Olympics Day 6


Day 6 200m Finals.

Following on from the semi finals yesterday it genuinely looked like we had chances today for the elusive medals.

First up was Ed McKeever, so reliable all year and though only 3rd fastest qualifier he never really looked at full stretch during the early rounds.

The others to watch on form from the semis were Craviotto and De Jonge. A strong headwind would be a game changer for some people but it was never going to affect the result for Ed. From the outset the red tip on his boat showed in front of the pack and he was never caught. A perfect race from a man who has consistently performed in a race where the smallest errors are heavily punished.

Craviotto placed 2nd with De Jonge 3rd. 4th place went to the Frenchman Beaumont, who has come to this event via marathon racing, K4 racing, and finally having been evicted from crewboats took on the 200m K1 as it was the only event open to him and is probably very pleased he did!

You have to feel for Ronnie Rauhe, he has been the king of this event for many years, very much off the boil last year until the World Champs where he came an impressive 3rd. He has never, since the age of 15, come away from a major championship without a medal but today was only able to come 8th on the windier side of the course. It seems the Olympic 200m came a few years too late for this legend of our sport. Life is tough!

I was not fortunate enough to be in Beijing when Tim won his gold and had no idea how emotional it was to watch someone you know win an Olympic Gold. Nervous before the start, hyper during the race and actually exhausted after it, I have never been so involved in someone else’s race than I was today. Belting out the National Anthem at the medal ceremony was a must and I can’t wait to meet Ed and shake his hand.

The C1 race was unlucky to be placed directly after the K1, it felt like a bit of an anti climax but that was a massive disservice to the athletes involved. There were really only 3 medal prospects in this race, Shtyl, Cheban and Shuklin really looked untouchable in the early rounds. Shtyl though got a rough draw on the right hand side of the course and had to work very hard for his bronze, finishing only about 0.2 behind Shuklin you have to feel the silver could have been his in a different lane. Gold though was only for one man, Yuri Cheban took this race comfortably.

Next up was the turn of the women, the stand out athlete in the preliminaries was Janic, beating Carrington in the heats and then overhauling the Pole, Walczykiewicz, after a bad start in the semi.

However it was not to be her regatta, already suffering a defeat in the K2 500 she could only manage 3rd place here. The winner was Carrington who, like Ed took the race from the start. 2nd went to Osypenko-Radomska to make it two silvers from two events for her. To be fair she was the beneficiary of a great lane and it was the Pole who got the short straw in the draw.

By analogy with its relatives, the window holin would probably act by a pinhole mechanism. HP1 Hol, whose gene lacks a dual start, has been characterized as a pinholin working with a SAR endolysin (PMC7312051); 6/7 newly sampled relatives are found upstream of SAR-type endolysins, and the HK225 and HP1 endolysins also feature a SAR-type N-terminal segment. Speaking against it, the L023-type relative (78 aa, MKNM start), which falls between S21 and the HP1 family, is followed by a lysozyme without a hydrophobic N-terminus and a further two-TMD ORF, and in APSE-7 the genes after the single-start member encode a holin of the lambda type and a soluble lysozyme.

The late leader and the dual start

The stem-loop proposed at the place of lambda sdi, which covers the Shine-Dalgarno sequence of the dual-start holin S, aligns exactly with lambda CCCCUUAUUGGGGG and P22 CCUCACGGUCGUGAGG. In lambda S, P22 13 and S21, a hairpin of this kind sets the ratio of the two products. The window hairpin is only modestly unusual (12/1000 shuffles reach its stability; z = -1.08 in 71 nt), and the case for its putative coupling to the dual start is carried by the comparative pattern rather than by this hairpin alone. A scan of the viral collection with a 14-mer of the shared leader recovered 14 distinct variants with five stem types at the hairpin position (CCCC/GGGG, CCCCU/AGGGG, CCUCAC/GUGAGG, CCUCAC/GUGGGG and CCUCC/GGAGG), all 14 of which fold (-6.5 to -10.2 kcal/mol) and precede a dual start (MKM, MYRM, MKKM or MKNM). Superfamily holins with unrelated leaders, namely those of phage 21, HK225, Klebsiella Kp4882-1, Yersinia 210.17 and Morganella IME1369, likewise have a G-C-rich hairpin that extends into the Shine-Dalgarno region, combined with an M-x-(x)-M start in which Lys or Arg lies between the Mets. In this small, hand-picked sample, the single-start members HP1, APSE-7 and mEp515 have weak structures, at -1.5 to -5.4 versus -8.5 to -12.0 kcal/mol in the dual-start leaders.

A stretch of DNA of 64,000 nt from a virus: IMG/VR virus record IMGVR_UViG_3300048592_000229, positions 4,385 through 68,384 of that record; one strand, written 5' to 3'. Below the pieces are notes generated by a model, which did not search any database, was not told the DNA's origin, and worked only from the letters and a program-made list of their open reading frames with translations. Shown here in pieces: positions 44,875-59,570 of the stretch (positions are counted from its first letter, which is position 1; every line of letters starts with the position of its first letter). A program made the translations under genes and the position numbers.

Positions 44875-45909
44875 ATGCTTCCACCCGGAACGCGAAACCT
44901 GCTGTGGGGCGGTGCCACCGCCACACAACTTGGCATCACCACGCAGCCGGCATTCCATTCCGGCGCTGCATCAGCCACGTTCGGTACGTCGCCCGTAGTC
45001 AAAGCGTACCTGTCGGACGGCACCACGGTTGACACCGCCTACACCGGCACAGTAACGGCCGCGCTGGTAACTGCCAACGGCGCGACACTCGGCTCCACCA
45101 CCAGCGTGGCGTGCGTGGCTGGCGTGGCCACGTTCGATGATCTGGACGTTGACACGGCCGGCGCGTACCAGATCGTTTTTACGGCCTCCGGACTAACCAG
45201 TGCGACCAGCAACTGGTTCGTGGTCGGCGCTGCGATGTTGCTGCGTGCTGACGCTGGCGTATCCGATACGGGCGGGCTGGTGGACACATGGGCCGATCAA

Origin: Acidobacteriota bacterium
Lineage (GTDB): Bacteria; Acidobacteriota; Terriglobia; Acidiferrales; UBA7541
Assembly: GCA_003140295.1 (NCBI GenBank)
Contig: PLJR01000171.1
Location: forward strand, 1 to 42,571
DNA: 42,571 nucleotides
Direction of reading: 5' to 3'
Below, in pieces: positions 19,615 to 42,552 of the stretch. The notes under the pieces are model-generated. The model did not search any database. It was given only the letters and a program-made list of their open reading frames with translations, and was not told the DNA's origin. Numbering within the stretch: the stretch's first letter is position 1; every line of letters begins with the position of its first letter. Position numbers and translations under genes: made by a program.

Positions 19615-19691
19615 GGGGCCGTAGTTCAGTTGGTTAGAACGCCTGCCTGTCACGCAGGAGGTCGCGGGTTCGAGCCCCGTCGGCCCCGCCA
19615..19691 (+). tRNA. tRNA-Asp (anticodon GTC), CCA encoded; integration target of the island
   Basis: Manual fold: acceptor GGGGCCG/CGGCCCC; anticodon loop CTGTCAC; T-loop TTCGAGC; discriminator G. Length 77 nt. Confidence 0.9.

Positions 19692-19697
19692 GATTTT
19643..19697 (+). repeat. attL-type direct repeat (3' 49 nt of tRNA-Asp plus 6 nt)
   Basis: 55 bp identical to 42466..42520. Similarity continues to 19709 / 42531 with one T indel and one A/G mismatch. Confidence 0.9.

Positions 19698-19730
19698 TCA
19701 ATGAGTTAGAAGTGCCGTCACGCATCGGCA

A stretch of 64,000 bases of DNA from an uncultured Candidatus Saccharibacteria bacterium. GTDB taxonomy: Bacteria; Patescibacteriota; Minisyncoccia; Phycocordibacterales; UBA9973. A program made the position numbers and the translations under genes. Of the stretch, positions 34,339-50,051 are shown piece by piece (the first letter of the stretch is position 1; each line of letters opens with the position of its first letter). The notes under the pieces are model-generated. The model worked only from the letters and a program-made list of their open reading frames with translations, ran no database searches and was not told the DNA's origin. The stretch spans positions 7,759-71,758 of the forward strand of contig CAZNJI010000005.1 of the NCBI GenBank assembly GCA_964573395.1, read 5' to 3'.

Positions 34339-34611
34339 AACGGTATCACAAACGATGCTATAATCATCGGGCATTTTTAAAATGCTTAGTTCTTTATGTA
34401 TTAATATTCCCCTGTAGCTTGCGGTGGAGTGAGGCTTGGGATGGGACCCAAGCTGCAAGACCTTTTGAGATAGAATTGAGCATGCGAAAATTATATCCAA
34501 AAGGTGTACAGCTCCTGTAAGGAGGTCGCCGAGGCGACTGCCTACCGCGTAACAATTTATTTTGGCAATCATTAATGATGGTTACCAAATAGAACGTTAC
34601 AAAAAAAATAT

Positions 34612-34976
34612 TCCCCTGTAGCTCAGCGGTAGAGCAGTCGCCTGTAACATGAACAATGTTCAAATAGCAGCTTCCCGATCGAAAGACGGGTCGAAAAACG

Jess Walker performed very well, especially on the first half of this race; it is the first time I have seen her truly mixing it with the big guns. In the end she faded to 7th place but that does not really do justice to her performance.

In the K2s there was realistically only going to be one winner. The Russians seem to have taken this event to the next level and are in a class of their own. The fight for the medals was going to be stressful though! Belarus, France , Germany and of course our guys were all in the running. The French had the best lane and the Germans had the misfortune of being drawn on the outside again and that was pretty much enough to end their realistic hopes.

It was our guys though who took this race on, leading the early part before the Russian express came through. The French were having a bad day and never really featured but Belarus made the most of the headwind and overhauled us in the closing stages to take silver. The bronze for Heath/Schofield felt almost as good as Ed’s Gold. It would have been tragic to have missed out, but with their best performance of the event our guys never looked like being the unlucky losers.

This regatta could not have ended on a higher note; I was till grinning when we got home and even cracked open a bottle of bubbly to celebrate the performances of the day. I watched endless reruns of the races and they never lost their appeal. This was the best days spectating at a canoeing event I have ever had and I have never been so pleased for anyone as I was for Ed. His attitude and commitment are fantastic and his reliability is second to none. He is a product of his home club, Bradford on Avon, his local coach Kevin Bowerbank, and has been refined and perfected by Alex Nikonorov who has done such a great job with this 200m team. No coach has come away with 2 medals from 2 different crews before so this was something special. It was a priviledge to be there to watch it!


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